December 1909
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Month December 1909

No More Tinkering with Streets’ Names.

The Constitution: Atlanta, GA

Tuesday, December 21, 1909

The announcement made in council yesterday afternoon that the street committee would meet in special session on Friday of next week for the purpose of reconsidering its recommendation to change the names of Marietta and Decatur streets, indicates very clearly that not only the committee, but council, is about to escape the mess in which both committee and council were in a fair way to become entangled.

It is worthy of note that only a few years ago a street committee of council recommended the change of names of these two streets, and when the report was submitted to council, so emphatic was the protest that even the members of the street committee adversed their own report and voted against the very change they had recommended.

It  is to be hoped that the present street committee will do itself the credit of adversing its report in this instance, for there can be no doubt that the city is overwhelmingly opposed to this proposed change of name of two historic Atlanta thoroughfares.

The word “Atlanta” itself is no more indissolubly identified with the city than are the names by which a few of the principal residential and business streets are designated in history, in legal matters, and in everyday usage.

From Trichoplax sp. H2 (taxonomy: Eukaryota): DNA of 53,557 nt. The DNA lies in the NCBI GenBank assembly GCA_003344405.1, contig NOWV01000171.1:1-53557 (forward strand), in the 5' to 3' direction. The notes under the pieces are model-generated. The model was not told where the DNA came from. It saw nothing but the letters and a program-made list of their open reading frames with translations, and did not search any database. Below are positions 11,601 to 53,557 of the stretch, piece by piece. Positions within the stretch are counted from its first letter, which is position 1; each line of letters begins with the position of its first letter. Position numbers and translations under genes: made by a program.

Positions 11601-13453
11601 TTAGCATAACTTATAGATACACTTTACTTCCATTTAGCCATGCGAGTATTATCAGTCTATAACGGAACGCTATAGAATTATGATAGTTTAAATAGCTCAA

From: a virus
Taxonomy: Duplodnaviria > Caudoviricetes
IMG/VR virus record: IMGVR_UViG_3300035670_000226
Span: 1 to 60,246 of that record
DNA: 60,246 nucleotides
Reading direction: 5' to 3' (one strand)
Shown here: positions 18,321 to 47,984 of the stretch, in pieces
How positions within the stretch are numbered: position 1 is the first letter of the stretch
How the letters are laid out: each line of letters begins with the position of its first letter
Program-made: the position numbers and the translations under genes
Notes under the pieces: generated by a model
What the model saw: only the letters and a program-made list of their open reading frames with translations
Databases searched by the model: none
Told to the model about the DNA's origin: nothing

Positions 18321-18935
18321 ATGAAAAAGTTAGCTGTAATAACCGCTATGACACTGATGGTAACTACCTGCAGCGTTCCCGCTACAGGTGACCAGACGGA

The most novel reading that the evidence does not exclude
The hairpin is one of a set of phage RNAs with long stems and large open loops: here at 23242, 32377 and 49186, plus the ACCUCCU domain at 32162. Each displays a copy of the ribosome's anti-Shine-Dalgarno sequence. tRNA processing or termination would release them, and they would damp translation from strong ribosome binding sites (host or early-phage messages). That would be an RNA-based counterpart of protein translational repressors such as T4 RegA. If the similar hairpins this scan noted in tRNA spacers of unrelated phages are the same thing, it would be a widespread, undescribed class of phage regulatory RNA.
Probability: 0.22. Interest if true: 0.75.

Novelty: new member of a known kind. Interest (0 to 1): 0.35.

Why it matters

Pryor and Peachtree, Whitehall and Capitol avenue, Peters and Courtland, Washington and Ivy, Walker and Spring, West Peachtree and Gordon, and so on indefinitely – each one of these names recalls to the Atlanta of both generations clear-cut and tangible associations.

Marietta and Decatur streets are no less permanently connected in the public mind with evolution, growth, business and tradition.

Because here and there undesirable or unpleasant elements have projected themselves, there is no more excuse for abandoning appellations that are of honored derivation and of honored present significance, than there would be in changing a man’s name to reform him.

Both streets are now being rehabilitated, and can be further rehabilitated by means more lasting and effectual than an appeal to unthinking flippancy.

It is a reflection on the dignity and the high functions of the city council of the south’s metropolis, that it should be called upon to invest time in even rejecting such superfluous and frivolous proposals.

And yet, periodically, some member is inspired to agitate innovations of this nature, and always with the same inevitable result.

Every previous suggestion to alter the name of some central or well-established thoroughfare has invariably created a storm of popular protest.

In no important instance has council acceded to the scattered and finicky hysteria to tamper with the titles of prominent thoroughfares, but continued and emphatic rebukes of this character seem to glide harmlessly off the backs of one on to the next council that feels called upon to grapple with the same old question.

But we believe this lesson of the pending episode will settle the question for at least a few years.

It is high time for this “up the hill and down again” horseplay to come to an end.

Formidable problems face the council of Greater Atlanta.

Its members have not the time, certainly they should not have the inclination to fritter away energy in bubble-blowing of this kind.

They have more serious business on hand!